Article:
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|Title: ||Behavior of pyrene as a polarity probe in palmitoylsphingomyelin and palmitoylsphingomyelin/cholesterol bilayers: A molecular dynamics simulation study|
|Authors: ||Martins do Canto, António M.T.|
Santos, Patrícia D.
Loura, Luís M.S.
|Issue Date: ||5-Sep-2015|
|Citation: ||António M.T.M. do Canto, Patrícia D. Santos, Jorge Martins, Luís M.S. Loura, Behavior of pyrene as a polarity probe in palmitoylsphingomyelin and palmitoylsphingomyelin/cholesterol bilayers: A molecular dynamics simulation study, Colloids and Surfaces A: Physicochemical and Engineering Aspects, Volume 480, 5 September 2015, Pages 296-306|
|Abstract: ||Pyrene is a polycyclic aromatic hydrocarbon noted for its remarkable optical spectroscopic properties. Among its uses as a fluorescent probe, measurement of lipid bilayer's equivalent polarity through the pyrene Ham effect stands out. To this effect, the ratio of the intensities of the first and third vibronic bands (I1/I3) in its emission spectrum of pyrene is measured. However, issues concerning the precise location of bilayer-inserted pyrene and the possibility of probe-induced perturbation of host bilayer properties are potential sources of concern in this regard. Atomistic molecular dynamics simulations constitute a useful method for the characterization of lipid membrane systems, and, in particular, to understand the behavior of fluorescence probes upon incorporation in lipid bilayers. In this report, we present a detailed characterization of the behavior of pyrene in fluid N-palmitoylsphingomyelin (PSM) and PSM/cholesterol membranes, with emphasis on the degree of proximity between the probe and water molecules inside bilayers, related to the use of pyrene to measure equivalent lipid bilayer polarity. It is concluded that pyrene exerts minor effects on bilayer properties, with slight local disordering being apparent for high cholesterol content. Whereas rotation and lateral diffusion of pyrene are greatly slowed in cholesterol-rich systems, its relative transverse location is not significantly affected. While hydration of PSM bilayers, as sensed by pyrene, is already low compared to that of fluid phosphatidylcholine, it becomes even smaller for high cholesterol mole fraction at the studied temperature.|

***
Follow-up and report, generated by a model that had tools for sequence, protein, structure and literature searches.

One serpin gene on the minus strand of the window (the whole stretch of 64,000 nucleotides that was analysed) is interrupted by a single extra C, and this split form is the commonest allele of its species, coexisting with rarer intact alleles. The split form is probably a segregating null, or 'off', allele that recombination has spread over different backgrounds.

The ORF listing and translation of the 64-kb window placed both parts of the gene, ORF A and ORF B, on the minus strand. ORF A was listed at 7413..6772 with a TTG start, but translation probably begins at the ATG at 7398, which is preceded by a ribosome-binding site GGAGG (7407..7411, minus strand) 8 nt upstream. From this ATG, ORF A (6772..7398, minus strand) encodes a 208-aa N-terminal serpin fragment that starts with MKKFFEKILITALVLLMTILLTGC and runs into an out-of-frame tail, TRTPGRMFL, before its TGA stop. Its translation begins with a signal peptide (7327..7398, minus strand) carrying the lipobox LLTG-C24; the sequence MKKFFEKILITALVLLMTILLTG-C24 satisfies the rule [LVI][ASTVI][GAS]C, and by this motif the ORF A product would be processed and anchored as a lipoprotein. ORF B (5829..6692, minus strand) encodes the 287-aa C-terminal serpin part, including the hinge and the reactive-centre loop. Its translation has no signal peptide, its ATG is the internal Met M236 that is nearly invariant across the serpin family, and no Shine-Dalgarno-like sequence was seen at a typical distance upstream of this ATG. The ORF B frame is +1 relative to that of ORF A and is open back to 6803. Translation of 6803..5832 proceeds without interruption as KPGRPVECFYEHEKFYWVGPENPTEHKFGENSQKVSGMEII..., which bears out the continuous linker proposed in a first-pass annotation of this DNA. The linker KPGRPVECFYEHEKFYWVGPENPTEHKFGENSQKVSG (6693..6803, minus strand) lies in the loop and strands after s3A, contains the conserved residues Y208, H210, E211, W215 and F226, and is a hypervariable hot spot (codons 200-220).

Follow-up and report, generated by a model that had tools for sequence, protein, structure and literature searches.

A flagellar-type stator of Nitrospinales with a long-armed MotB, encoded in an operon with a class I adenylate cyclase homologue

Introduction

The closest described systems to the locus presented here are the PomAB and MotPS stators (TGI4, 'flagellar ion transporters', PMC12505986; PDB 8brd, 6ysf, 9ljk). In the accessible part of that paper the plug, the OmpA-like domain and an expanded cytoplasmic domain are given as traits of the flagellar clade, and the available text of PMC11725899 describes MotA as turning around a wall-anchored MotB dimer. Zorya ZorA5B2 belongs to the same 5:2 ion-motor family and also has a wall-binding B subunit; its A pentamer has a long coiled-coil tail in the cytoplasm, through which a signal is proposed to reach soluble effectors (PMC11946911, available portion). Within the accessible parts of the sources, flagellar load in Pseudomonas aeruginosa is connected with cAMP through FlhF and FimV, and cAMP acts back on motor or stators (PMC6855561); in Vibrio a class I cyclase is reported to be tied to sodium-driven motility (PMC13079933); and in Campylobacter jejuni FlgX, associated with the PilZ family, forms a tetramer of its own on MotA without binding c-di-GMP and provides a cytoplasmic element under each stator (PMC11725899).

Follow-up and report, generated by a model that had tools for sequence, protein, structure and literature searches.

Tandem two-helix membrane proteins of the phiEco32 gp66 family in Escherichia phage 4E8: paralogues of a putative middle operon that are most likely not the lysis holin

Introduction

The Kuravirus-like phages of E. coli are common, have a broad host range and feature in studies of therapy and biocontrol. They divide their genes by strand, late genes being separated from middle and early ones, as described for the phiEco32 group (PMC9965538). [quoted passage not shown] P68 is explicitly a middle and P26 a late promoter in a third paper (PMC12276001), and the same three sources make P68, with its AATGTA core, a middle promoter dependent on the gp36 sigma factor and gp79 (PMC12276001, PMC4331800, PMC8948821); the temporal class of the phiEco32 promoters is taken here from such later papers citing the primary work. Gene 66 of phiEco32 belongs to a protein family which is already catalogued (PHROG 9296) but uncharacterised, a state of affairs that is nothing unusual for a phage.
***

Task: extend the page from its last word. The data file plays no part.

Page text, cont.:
|Appears in Collections:||CQE - Publicações - Artigos em Revistas Internacionais Com Arbitragem Científica|
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